Today is my birthday. I’ve been enjoying special messages and phone calls and cards and gifts. It’s wonderful to be remembered on this special day, even though I don’t expect all that kind attention. But on this one day, this day of my birth, it really is nice to know that I am thought about and loved.
I’ve heard from friends, some old and some new…….even some that I have never physically met. Facebook has opened up some friendships with people that I feel like I know well but have actually never seen face to face. I’ve had messages from friends that I have known from all the different places that we lived during our military career. Of course, I’ve also heard from family in various ways today.
The person I have not heard from today, and that I know I will not hear from at all on this special day, is the woman who is responsible for this day of my birth. My mother. I no longer expect a card from her, or a gift, or even a call. The woman who gave birth to me no longer even remembers that day years ago that she came in from mowing the lawn while Dad was at work, and ended up in labor at our local hospital. Not only does Mom not remember that day, she no longer remembers me.
Gary and I went home to West Virginia last week for a brief visit. It had been far too long since we had been home to see family. It was past time to go. And it was also past time for my mother, who has Alzheimer’s. I knew from what family said that Mom wouldn’t know me. To experience that reality, though, is far different from just hearing about it.
Jeanie, my sister-in-law, took Gary and I to see mother at her assisted living home. She lives in such a beautiful setting in those West Virginia mountains. We’re all thankful for the good care she receives there and for how happy she has been……she and her precious cat, Princess.
We walked in to her apartment with Jeanie just as Mom was coming out of her bedroom, pushing her walker in front of her. Mom realized that somehow she knew Jeanie, although she doesn’t really know how she knows Jeanie or who Jeanie is or what her name is. But as for me and Gary…….there was hardly a glance in our direction, for Mom had other things on her mind as soon as she saw Jeanie’s familiar face. She and Jeanie talked for a minute, and went to check on Mom’s concerns, with still no notice of Gary and me.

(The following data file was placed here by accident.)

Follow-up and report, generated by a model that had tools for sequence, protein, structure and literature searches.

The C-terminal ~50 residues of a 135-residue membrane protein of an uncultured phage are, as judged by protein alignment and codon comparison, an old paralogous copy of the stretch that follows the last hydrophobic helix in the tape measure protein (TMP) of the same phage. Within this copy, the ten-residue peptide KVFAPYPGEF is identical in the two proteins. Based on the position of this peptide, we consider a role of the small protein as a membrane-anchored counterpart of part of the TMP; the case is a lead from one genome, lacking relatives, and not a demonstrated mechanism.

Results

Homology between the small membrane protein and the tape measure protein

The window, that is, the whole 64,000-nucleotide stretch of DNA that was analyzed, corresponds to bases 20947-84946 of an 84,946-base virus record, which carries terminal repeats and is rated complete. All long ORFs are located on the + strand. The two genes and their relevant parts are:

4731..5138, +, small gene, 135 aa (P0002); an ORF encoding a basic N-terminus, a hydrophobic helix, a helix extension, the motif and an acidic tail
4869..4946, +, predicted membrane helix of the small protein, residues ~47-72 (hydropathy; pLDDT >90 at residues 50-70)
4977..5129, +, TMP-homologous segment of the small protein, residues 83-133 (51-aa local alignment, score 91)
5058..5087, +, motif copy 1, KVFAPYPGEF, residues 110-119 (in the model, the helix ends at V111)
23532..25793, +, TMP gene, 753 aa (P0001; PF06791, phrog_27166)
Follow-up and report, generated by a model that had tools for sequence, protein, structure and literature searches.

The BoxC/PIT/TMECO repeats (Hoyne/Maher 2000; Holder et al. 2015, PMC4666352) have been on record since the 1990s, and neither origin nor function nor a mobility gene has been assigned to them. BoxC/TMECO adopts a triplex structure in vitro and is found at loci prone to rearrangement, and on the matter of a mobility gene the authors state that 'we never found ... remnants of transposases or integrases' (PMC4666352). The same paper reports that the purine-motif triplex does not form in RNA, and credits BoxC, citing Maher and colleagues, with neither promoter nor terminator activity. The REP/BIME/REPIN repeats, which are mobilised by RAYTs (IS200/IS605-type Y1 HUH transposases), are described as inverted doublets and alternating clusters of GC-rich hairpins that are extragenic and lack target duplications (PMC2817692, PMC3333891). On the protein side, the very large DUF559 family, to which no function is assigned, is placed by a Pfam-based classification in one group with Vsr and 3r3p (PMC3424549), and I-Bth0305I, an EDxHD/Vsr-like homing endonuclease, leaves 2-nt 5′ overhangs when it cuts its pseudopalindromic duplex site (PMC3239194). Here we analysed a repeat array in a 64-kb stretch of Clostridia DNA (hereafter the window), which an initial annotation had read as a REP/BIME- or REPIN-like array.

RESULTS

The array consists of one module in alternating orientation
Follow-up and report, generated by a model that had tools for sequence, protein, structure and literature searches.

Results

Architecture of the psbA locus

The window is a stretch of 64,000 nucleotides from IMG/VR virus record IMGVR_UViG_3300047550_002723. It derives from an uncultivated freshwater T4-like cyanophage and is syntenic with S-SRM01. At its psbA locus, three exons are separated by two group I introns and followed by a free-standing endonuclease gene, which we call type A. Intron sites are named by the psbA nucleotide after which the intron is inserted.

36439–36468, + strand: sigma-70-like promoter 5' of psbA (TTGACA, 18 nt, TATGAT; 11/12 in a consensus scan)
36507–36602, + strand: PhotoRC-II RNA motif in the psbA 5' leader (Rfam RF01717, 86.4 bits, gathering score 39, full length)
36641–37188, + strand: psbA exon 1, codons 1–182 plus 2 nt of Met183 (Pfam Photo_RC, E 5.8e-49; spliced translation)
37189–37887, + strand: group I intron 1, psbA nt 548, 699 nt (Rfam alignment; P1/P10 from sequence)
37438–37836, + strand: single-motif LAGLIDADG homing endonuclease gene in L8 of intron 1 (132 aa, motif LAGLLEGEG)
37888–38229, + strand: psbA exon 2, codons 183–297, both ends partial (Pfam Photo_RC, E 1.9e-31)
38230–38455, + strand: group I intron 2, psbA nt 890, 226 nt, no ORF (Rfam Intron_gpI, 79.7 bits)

When they returned to the living room, I went over to Mom but still she didn’t have any reaction to my being there. No hello…..no “How are you?”………no “It’s so good to see you.”……..no hug…….no emotion at all. And certainly no recognition. I patted her shoulder, wondering if I should hug her, and still she hardly acknowledged me.
Jeanie and I sat on the couch, Gary sat on the recliner, and Mom sat in her chair with the ottoman in front where she could lift her legs, her feet somewhat swollen. It was then that Mom seemed to realize that we were there and that she didn’t know who we were. I felt strange, as if I had entered the home of a casual acquaintance or was visiting a shut-in for church or something. I didn’t really feel like I was sitting with my mother whom I hadn’t seen in way too long. It was the first time in my life that my mother had not seemed glad to see me. There was no rudeness, just distance and unfamiliarity.
Mom was so polite, so gracious to these people that she didn’t know. Again that feeling of unfamiliarity hung over the room. Here sat the woman that I had known for my entire life, who loved me like no other…..like a mother loves her child………yet who at this moment was puzzling over who we were and why we were there.
She talked about her concerns over her colitis issues, although she doesn’t understand that it’s colitis. To her this is new and serious and has never happened before until recently, and so Jeanie kept assuring her that Dr. Pam knew all about it and that there was no cause for alarm. I listened to Mom as she tried to talk about other things as well, seeing that many words were lost to her. Common words like window or cat or bed. She struggled to express her thoughts in every area because the words escaped her, and I could tell that this frustrated her. She knows that she doesn’t know, to some extent, but the ability to bring up the correct words is largely gone.
And there was still the matter of this strange couple sitting in her living room, smiling and talking as if we knew her. Mom would stop and shake her head, and then say, “You just seem so familiar. Now who are you?”
“I’m Patty, your daughter,” I’d hear myself telling her. Telling my mother that I was her daughter…….how odd. I was prepared for this. I wasn’t really surprised, but still that feeling of unfamiliarity was hanging over the room like an unwelcome presence. It dawned on me as we repeated the introductions over and over that what I wasn’t prepared for, totally, was that when we told her who we were……….when I was identified as her daughter and Gary as my husband…….that she basically showed no joy at that revelation. Again, she was polite and she smiled and even showed some surprise……but she didn’t show the joy that a mother would show at seeing her long absent daughter. The connection to that emotion was gone. Again, unfamiliarity.
“Your voices just sound like someone I should know,” she said several times as we talked. And she would again shake her head, trying to piece together in her mind what she very vaguely remembered but what was mostly lost. She was especially fascinated with Gary, more so than with me, and this made us smile.